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'It's been a whole range of emotions': IU School of Medicine fellows on the COVID-19 frontlines

"I never anticipated is that I would be family, doctor, friend and caregiver for one person"
Posted at 8:23 PM, Jan 16, 2021

INDIANAPOLIS — COVID-19 quickly became Dr. Roberto Swazo's reality back in March.

"We signed up for this, this is what we love. I didn't necessarily sign up to be in the middle of a pandemic, you know, but it did happens, I guess?" Swazo said. “I was the first fellow to get deployed on the COVID ICU unit."

But for him, this pandemic is also personal.

"I did end up losing my grandfather to COVID back in April, so it's been it hit home from the beginning,” he said.

Swazo is on the frontlines as a fellow with IU School of Medicine. First-year fellow Dr. Cinthya Carrasco and third-year fellow Dr. Francesca Duncan are fighting the virus head-on alongside him.

"What I never anticipated is that I would be family, doctor, friend, and caregiver for one person every day,” Carrasco said.

The Pulmonary and Critical Care Fellowship is an intense three-year-long clinical and research-based program. There are less than two dozen physicians in the program.

“We all had to kind of step up and learn very, very quickly," Duncan said. "There were times in which we were kind of responsible, and in the sense that we had to kind of act as an attending because they were just so many patients that we had to care for."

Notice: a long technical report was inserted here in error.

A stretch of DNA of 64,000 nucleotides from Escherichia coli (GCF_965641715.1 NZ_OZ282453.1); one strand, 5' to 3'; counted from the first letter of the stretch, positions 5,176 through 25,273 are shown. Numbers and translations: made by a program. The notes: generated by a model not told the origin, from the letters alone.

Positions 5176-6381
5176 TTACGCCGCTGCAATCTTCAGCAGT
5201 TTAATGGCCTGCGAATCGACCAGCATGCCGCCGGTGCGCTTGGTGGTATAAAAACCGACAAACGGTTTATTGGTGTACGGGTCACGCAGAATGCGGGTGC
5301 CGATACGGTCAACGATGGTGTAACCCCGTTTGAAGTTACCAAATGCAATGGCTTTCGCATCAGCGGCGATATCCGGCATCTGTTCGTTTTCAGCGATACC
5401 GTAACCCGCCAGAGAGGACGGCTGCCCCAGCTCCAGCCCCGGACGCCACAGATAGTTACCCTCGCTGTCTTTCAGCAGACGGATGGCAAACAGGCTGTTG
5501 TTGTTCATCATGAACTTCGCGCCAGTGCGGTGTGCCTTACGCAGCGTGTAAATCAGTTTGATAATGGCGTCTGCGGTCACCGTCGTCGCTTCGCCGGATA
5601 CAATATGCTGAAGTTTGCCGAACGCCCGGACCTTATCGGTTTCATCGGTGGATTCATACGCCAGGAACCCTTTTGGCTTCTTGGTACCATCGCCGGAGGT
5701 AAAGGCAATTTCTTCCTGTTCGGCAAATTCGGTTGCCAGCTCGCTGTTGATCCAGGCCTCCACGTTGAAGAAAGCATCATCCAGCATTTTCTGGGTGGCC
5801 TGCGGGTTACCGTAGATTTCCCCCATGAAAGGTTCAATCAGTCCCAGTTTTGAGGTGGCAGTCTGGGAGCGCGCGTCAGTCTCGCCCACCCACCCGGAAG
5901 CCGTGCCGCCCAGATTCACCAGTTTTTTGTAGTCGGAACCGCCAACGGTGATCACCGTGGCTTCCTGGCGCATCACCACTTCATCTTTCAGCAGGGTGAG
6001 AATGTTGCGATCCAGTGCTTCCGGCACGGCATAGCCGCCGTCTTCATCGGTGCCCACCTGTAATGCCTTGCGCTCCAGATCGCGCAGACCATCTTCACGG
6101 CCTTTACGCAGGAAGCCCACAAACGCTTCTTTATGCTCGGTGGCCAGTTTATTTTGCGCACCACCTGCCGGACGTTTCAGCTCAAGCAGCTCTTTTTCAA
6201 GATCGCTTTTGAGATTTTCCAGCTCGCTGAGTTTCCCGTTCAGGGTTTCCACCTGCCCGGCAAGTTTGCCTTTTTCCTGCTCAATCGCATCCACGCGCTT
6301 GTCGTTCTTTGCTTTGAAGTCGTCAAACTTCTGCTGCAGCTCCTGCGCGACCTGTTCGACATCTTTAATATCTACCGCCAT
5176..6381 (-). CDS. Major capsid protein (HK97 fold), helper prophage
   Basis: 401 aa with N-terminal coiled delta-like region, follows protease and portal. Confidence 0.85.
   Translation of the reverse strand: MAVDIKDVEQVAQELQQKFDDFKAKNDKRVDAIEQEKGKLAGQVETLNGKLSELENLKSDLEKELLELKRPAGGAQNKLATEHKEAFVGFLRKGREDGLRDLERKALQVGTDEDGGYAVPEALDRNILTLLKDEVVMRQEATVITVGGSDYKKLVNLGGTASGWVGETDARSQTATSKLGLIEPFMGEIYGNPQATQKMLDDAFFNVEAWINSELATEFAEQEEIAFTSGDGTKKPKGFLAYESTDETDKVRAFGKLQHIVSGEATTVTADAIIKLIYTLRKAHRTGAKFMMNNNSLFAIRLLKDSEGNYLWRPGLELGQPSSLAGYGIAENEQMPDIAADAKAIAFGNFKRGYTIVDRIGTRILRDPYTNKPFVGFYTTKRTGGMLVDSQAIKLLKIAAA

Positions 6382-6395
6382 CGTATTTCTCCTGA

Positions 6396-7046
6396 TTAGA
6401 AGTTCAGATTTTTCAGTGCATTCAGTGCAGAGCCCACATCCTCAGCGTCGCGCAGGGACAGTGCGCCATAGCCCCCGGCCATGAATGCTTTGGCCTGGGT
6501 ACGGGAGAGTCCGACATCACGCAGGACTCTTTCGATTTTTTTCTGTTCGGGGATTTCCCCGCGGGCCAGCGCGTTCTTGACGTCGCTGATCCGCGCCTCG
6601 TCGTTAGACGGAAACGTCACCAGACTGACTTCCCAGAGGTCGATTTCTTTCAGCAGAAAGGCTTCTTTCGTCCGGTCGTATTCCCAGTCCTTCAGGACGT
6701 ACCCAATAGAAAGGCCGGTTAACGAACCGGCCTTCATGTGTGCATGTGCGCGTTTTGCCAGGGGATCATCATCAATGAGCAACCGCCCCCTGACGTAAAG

Essentially fellows are trained doctors who are looking to become experts in a particular field.

"It's been a whole range of emotions, from frustration, you know, people not believing in it, and not knowing kind of what we're dealing with on a daily basis," Swazo said. "Even to, you know, to gratitude, I think so many people are kind of working together so well as teams and kind of leaning on each other for support."

These fellows all came to Indy from different backgrounds. Carrasco is from Mexico, Swazo was born in Puerto Rico and Duncan grew up in Georgia. They all, though, share a passion for helping others.

“What makes me go every day, I think it's exactly that just thinking that not as just my job, but it's my privilege, a few people have the chance to help,” Carrasco said.

Inside the four walls of the COVID ICU, it is their classmates, who turned into their family, that gets them through some of the hospital's darkest days.

"Since everyone is there with a sole goal in mind, to help others, we also provide that emotional support for each other,” Duncan said.

Within the last few weeks, these fellows can now say they are fully vaccinated against the deadly virus. It is something they say means an end to the pandemic is near.

"I think the beginning of the pandemic, the word was like fear," Duncan said. "Now we're feeling very, very hopeful."